I have never tried Stephen King.  Well, he is American, so it is not like I am going to pick him out on my own.  No, a colleague at work, who’s judgement I happen to trust, recommended The Dark Tower series to me.  Since I see her everyday, I better deal with her recommendation first.  I have taken out books two and three from the series, anticipating that I will want to continue (as the first book is yet to arrive), so here’s hoping.

Wild Swans: Three Daughters of China by Jung Chang
This book was recommended by somebody who reads my blog (that is a nice thing to do in the first place).  Sometimes I will take recommendations seriously, others I will not.  I decided to take this one seriously because I am ignorant of all things China.  I do not like ignorance.  I must remedy it where I can.  Not that this one book will make me an expert, but I would like to know at least something about the country, even if it just the lives or three women that lived there.

The Reader by Bernhard Schlink
I watched the film yesterday evening and I loved every frame.  I am very curious about its source material and it is with a heavy heart that it is shoved to third place on my list. Continue reading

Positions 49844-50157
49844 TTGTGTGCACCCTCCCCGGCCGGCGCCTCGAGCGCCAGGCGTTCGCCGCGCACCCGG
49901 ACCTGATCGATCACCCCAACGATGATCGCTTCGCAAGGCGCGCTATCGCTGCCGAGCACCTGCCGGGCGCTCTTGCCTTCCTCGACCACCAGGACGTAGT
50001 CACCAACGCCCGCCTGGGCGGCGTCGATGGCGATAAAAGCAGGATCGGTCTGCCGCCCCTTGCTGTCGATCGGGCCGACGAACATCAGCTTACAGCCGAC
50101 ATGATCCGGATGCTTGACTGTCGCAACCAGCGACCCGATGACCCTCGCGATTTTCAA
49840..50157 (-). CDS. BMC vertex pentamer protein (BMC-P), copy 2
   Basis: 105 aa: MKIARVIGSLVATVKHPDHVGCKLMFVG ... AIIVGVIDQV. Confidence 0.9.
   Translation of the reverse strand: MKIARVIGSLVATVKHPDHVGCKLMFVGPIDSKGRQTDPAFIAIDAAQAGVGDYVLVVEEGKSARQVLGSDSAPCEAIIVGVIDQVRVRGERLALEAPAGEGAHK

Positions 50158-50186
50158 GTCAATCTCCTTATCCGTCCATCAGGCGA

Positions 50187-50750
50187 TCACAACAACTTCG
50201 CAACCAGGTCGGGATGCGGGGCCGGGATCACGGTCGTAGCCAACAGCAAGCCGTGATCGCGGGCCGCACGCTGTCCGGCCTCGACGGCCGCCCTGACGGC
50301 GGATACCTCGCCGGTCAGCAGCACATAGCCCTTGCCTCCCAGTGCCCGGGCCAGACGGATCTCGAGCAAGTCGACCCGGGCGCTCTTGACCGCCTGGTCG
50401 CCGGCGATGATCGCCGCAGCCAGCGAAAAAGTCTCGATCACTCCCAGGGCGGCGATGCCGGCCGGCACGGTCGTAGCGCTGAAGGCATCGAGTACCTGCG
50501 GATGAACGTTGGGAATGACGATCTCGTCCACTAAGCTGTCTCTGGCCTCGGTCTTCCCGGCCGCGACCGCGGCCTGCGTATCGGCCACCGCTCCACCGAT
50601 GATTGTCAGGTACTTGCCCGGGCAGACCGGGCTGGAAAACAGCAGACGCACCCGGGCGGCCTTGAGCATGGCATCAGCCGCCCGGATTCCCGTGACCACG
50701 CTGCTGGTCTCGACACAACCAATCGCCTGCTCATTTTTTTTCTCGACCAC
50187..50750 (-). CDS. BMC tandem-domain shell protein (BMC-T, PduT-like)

A Bit Of This And That

Posted in Diary, Katherine Jenkins, Music, Personal Musings with tags , , , , , , , , , , , , , , , , , on 19 December, 2008 by Nicola

The title is for Emilie Autumn.  Ha!

The truth of the matter is, I can barely bring myself to write anything today.  My head is splitting and I am tired, as I spent the day at work.  I just want to say a few bits and bobs:

HAPPY BIRTHDAY to my mother, who is 48 today.  BLESS HER.

My Ma is 48 today.  Don't tell anybody.

My Ma is 48 today. Don't tell anybody.

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Current and Near Future Endeavors